A wiki is a collaborative construction engine, with refactoring and edit-in-place being the dominant forms of activity, and many equal voices singing in a chorus. A blog is more like a content faucet, a source with one voice, always growing at one end; while updates to existing content are OK, the dominant activity is pouring new text and pictures and whatever in.
And James Tauber is belatedly continuing.
James points out there are a number of dimensions of wikiness, and I agree with him.
I’d like to talk about just one dimension: collaborativeness (James’ “Spirit of collaboration”).
At one end we have a wiki, which is can be changed by anyone. That’s collaboration.
At the other end we have a blog like this one, which is mine all mine, even though it uses wikiesque markup and which has no comments. You can converse with me via email, your own web site, or a tag in del.icio.us but you can’t collaborate except by quoting me elsewhere. Ha!
(Can I have ‘ends’ to a dimension? James would know.)
Here I talk about another kind of collaboration that is not wiki-like which I have implemented before, and which We are exploring here at USQ, for a potential content-seeded learning system, either as an extension to or a replacement for a ‘traditional’ Learning Management System.
In between there are blogs with comments, and blogs with discussion forums, and wikis with closed authorship.
I have worked a lot with another approach which is to use inline commenting or annotation. The Continuous Publishing System that we built at NextEd (now available from Sourceforge in kit form only - know how to use CVS and NANT?) allows annotations in-line on published content. Published means locked, and once content is locked it can magically sprout little discussion links on every paragraph, based on a unique id, like Tim Bray’s purple pilcrows. This lets people make a small bit of content that adds to the main one but is stored separately. They can point out a typo, or ask a question, or see the original content without all the annotations all over it. At previous jobs we used this technology for:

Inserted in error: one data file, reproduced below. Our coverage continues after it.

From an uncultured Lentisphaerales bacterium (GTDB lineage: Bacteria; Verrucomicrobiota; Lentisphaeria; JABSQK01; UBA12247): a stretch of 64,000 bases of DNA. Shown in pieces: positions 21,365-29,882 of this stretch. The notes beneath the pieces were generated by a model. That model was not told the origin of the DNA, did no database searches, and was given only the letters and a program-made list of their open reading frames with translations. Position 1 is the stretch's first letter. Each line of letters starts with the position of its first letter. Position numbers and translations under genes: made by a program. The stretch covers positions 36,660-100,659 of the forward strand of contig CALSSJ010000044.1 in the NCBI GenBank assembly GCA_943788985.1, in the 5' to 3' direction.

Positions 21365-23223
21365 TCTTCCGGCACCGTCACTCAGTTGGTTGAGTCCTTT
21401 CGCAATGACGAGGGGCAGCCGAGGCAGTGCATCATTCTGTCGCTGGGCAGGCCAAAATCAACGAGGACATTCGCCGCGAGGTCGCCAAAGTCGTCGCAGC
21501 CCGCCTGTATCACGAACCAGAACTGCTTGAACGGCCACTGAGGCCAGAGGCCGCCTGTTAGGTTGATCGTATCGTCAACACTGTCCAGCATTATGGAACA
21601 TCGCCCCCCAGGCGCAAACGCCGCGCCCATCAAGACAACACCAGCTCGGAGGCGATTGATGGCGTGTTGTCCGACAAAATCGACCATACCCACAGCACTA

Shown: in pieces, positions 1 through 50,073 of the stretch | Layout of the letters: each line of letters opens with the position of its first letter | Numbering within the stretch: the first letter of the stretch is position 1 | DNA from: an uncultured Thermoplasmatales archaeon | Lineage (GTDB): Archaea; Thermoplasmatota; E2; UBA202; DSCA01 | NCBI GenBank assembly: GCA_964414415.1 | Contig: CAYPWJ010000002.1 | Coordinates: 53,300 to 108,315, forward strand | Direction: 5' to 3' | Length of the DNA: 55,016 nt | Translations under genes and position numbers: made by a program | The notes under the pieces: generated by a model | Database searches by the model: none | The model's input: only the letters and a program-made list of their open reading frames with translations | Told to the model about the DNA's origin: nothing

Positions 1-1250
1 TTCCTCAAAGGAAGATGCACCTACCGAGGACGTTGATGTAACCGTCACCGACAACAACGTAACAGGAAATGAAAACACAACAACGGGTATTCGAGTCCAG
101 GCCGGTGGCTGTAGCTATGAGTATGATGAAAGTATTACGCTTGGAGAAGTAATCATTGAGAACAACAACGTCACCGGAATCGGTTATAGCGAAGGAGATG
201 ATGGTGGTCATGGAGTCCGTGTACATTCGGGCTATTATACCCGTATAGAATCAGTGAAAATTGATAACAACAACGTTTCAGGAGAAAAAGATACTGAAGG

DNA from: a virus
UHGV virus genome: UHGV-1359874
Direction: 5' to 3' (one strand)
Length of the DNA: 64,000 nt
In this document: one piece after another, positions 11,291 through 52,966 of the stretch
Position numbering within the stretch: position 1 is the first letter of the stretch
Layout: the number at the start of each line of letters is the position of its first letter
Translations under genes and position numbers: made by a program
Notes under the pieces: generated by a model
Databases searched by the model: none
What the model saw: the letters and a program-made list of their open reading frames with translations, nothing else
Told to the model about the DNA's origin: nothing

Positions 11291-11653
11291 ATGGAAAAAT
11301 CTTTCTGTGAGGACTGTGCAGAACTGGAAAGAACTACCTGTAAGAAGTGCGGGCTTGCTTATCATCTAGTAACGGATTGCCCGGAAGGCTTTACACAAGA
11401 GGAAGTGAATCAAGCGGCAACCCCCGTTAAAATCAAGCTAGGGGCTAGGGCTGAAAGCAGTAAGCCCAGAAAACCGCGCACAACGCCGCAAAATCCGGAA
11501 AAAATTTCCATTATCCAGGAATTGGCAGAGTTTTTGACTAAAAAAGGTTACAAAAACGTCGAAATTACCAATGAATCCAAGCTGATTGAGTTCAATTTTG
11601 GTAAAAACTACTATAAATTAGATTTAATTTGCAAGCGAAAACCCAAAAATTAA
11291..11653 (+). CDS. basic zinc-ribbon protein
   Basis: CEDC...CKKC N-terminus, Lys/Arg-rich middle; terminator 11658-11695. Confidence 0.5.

- Indicating that you had read something. “Annotate here to show me you read this”. Very handy for proving to one’s self that management either (a) don’t read the stuff you send them, or (b) have nothing to prove to you.
- Tracking tasks in projects. Project cycle notes would be written in a Word document, then rendered as HTML with tasks showing as list items. People would come in and write down (using words) that they had done stuff, and how long it took. We made a prototype of a system that could track task estimates and effort across engineering cycles. Adding an estimate to an item on any page would create a task, which you could then annotate with progress. Didn’t get the cycles to build it, though.
- In house auctions. Stick up a page with descriptions of things for sale and let people add bids using the inline annotation system.
- Voting on entries in an awards process.
Right now, in my new job we are putting together a demo of how this kind of annotation can be used in a learning system for:
- Inline discussion in course materials - ask a question in the content itself.
- Completion indicators, tick off that you have done an activity such as a set reading, or flag that you want to come back.
- Disposition indicators, show how you feel about a course module. This is untested, but you should be able to mark that you are ‘unhappy’ with a module, have the lecturer and peers notice, help you, and have you change your tag to ‘happy’.
At the end of the course the teacher should be able to roll the feedback into the module for next time and publish a new, improved version.
This is all collaboration, provided you have a live teacher in the feedback loop responding to class input, but without the ability to change the content that you have with a wiki. But a course or meta-course wiki may be worth adding to the Learning Management System as well, possibly one that persists across course offerings.
You can read about the vision behind this in the paper I’m writing with Cameron Loudon, a lot of these ideas come from his interaction with online educators.
This approach lies somewhere between a wiki and a blog on the scale of collaborativeness. The content is arguable, but the integrity of the published material is assured and it is always visible behind the annotation. In an online education environment this could be very important — you probably shouldn’t just go changing content even with tracking of the change, and in a replicated environment where people go on and offline, re-synchronising when they can, each item needs to be kept as a separate transaction so you do not have merge problems.
But it is collaborative, and it is not a wiki.
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